if you’re asking how to best implement the authentication, the answer isn’t clear -the server portion of the authentication work can be done by either django or twisted (no need for anything external to the existing system).

      if i get to it, i’ll add demo components showing how to do authentication with this app. when using both Django and Twisted, most people end up relying on Django’s data storage api for saving data to disk (i started doing that with the chat room info), so i’ll probably start by enabling the existing authentication services in Django, making sure user data properly persists to disk, and then rewriting the twisted server to access them.

      with this strategy, the client side can be a basic html form, since Django is handling the auth. if twisted was handling it, i’d probably write the client authentication in javascript, and work over websockets.

      • Ok, then I have two questions:
        * For authentication I thought I would make the django app invent a secret number for each chat room. It can be the moment the chat room was created in milliseconds (or the time of the last update to permissions on access rights for the chat room in a more compex app). The secret number will be given to the client from the django app through the template and the javascript will submit the number when connection to the twisted server. The twisted server will then upon connection wait for this number and connect the client only with other clients who submitted the same number. I am sure there is some kind of “channel feature” which permits this. Question to you: Is such an approach viable? Is more authentication needed? Maybe it would be possible to ban certain IPs that are trying out large amount of numbers per second.

        * I read here: http://twistedmatrix.com/trac/ticket/4173 That the Twisted developers have s[pent several years looking at the patch that would give websocket support. The last update was seven weeks ago, when development seems to have halted. When looking at what kind of websocket solution to use with Django, it’s a little difficult to find out what is the most futureproof approach. So I am wondering: Do you think the Twisted developers are hostile towards Websockets? Do you think they will ever merge it?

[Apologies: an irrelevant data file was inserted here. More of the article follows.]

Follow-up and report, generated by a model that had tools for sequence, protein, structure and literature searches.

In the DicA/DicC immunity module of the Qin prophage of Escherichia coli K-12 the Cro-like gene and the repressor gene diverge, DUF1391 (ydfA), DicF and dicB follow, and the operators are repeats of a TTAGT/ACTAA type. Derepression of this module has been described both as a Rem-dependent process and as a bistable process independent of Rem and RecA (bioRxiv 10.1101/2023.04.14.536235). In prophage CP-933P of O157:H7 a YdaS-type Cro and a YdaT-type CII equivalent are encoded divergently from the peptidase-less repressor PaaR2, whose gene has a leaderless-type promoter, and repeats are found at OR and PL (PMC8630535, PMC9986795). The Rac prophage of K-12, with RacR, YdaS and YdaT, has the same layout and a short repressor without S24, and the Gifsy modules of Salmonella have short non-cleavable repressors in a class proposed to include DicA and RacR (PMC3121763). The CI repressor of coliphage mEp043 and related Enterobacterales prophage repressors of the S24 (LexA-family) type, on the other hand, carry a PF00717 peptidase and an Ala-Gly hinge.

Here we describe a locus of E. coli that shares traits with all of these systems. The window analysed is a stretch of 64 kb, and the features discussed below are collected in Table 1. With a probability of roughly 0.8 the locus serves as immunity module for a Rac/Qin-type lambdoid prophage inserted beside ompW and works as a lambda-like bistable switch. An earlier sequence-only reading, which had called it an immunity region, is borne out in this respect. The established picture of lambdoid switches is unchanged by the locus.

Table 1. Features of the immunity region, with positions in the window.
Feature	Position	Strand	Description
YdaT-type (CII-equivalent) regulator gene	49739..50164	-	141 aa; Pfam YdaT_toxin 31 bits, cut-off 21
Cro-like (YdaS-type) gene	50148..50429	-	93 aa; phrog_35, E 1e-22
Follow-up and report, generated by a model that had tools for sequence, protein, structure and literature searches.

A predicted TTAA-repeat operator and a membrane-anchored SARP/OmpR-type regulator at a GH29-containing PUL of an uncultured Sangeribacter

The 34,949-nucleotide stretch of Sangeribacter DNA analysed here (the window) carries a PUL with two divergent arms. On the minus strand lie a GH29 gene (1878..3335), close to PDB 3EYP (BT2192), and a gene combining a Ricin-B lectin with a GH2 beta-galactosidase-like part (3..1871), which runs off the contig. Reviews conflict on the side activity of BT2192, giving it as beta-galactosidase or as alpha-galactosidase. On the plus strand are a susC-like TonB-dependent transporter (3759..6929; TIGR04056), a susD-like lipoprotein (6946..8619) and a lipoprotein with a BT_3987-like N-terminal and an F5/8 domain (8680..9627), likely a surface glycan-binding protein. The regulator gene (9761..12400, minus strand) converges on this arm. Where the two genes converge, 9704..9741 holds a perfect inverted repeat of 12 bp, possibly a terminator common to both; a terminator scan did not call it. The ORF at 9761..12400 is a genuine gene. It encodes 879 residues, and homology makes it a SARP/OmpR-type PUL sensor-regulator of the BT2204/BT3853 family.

• whoa, long comment.

          “For authentication I thought I would make the django app invent a secret number for each chat room…”

          it doesn’t sound like your implementing authentication. say, for example, that you want to display each users’ messages in a different colour in chat. how will django/twisted/the chat client know which user is which? all you’ll have are room ids. instead, your system seems to be implementing semi-private chat rooms – a closely related, but different problem

          authentication systems are difficult to get right from scratch, so i’d recommend against trying to write your own – if i were you, i’d use one of the existing libraries/systems. Django has everything you need built in, is relatively easy to get going, and there are stable hooks that allow authentication with, for example, Facebook and Google accounts.

          so, maybe start by getting authentication working properly (the Django documentation covers this quite well here: https://docs.djangoproject.com/en/dev/topics/auth/ ). for private chat rooms, you can then figure out how to properly set and check permissions for access to individual chat rooms. that way, if a user doesn’t have permission to see/post inside of a chat room, they won’t be able to see the django side of things, even if they have the room number.